Bluetooth File Transfer - Bluetooth Not Only for Roots
Harald “Bluetooth”, a Danish Viking king known for his communication skills, was the inspiration for a wireless technology bearing the same name. In the meantime Bluetooth has become a household name across the globe. With Bluetooth File Transfer root users can take full advantage of Bluetooth communication. Find out how well it actually works in our test.
|Reviewed version||Latest version|
|3.01||Varies with device|
Features & Use
Bluetooth File Transfer can be used fully only by root users. Though it is possible to send files to another device without root rights, this option wasnot taken into consideration during our test. I’m counting on comments coming from non-root users on whether this actually works. Since Android 2.0 Bluetooth has become a standard feature on Android Phones. This app is intended for those who are still using an earlier Android version.
On the plus side: As soon as you start the app you are asked whether Bluetooth should be activated. Instead of making you search for it in submenus, the app lets you activate Bluetooth from the get-go. Your next step should be to pair up two devices by going to the Remote Files tab. The app then scans for any activated Bluetooth devices in the area and displays these under Found Devices. Once you’ve found the right device, you have to enter a made-up PIN to be entered by your pairing partner on his or her device.
To keep things organized, you can save Bluetooth devices to a bookmark list. The latest devices are also always listed under Recent Devices.
You can basically do just about anything with another person’s device once pairing has been completed. This could be a blessing or a curse depending on how you use it. All this unrestricted access can cause a lot of damage. I wonder if the app’s developers gave this problem a lot of thought. Not only can you rename and move files, but you can also delete entire folders. Not sure if your pairing partner would be too comfortable with someone having this kind of freedom.
Nevertheless, the app offers you a lot of options that you may be familiar with from file managers.
The following features are available in the context menu:
- Cut / Move
- Select all
- Select none
- Invert Selection
- Send via Bluetooth
- Item Informations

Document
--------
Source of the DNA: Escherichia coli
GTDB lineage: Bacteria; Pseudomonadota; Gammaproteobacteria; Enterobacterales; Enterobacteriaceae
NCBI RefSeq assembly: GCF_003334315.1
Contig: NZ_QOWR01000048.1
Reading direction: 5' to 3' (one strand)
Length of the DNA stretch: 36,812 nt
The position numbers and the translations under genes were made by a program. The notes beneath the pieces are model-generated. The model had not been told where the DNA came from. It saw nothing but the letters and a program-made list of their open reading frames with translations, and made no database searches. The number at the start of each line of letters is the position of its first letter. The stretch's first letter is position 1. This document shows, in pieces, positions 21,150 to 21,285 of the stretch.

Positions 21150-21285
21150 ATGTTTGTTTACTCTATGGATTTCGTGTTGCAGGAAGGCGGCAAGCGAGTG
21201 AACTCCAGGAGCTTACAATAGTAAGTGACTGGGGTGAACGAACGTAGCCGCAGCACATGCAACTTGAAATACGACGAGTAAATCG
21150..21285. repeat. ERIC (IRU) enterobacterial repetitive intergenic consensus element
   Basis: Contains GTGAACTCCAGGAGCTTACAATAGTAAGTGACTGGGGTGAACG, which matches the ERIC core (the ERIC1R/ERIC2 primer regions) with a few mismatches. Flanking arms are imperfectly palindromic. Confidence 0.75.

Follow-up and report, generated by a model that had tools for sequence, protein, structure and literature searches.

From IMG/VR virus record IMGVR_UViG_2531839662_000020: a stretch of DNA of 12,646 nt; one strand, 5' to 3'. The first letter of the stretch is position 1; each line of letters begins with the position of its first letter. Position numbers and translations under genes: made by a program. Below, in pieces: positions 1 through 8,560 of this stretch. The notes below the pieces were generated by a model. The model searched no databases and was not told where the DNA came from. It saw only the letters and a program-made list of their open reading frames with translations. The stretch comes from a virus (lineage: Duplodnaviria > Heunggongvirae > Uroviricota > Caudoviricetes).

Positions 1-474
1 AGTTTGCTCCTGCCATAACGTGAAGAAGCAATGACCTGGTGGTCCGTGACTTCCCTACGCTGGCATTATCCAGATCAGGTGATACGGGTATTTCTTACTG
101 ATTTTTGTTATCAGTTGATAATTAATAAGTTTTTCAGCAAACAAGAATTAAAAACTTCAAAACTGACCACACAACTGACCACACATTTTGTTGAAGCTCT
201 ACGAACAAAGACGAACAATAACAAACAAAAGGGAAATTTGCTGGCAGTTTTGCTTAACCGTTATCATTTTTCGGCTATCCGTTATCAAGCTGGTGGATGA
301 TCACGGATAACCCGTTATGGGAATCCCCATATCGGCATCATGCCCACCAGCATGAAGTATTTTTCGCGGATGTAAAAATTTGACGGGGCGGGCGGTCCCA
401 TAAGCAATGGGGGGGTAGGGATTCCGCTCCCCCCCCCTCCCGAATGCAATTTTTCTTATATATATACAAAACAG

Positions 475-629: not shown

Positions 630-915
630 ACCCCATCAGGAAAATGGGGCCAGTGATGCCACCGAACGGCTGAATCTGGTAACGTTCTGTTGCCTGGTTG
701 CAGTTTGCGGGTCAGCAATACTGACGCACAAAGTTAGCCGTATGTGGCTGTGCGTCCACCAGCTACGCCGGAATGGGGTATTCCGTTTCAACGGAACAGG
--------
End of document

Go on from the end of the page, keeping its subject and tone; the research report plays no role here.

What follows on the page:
The app is divided into two basic tabs. Under the Local Files tab, you’ll find your own files and can then transfer them to another device via the context menu. Use the Remote Files tab to search through files on the receiving end.
You can stream songs and videos at any time, which can be pretty useful. Select a file with a tap and the media player starts playing the song automatically.
With the menu button you can access the following features:
- Create Folder
- Find Files
- Refresh Folder
- Send Contacts
- Choose Language
The following options are available under Settings:
- Use system thumbnails
- Cache size (Mb)
- Start on boot
- Stop when close
- Show notifications
- Show messages
- Alert on receive
- Destination folder
- Concurrent connections
- File Transfer Profile Settings
All in all it’s a neat and useful little app for root users that may grant people a bit too much unrestricted access. It may be fun to browse through another person’s device, but it isn’t secure in terms of privacy. Personally, I wouldn’t be happy with someone changing and deleting files from my phone without my knowledge. The functions themselves, however, work perfectly!
Screen & Controls
The controls are really simple to use. Everything is within easy reach using the two tabs, menu button and context menu.
The user interface is reduced to just the necessary minimum. Nice-looking icons make this app look a bit more appealing.
Speed & Stability
The data transfer speed depends on your Bluetooth version. During my test on a Nokia N71 the transfer speed was actually pretty good.
Crashes? None whatsoever.
Bluetooth File Transfer can downloaded for free from the Android Market.
Works great with my LG Ally!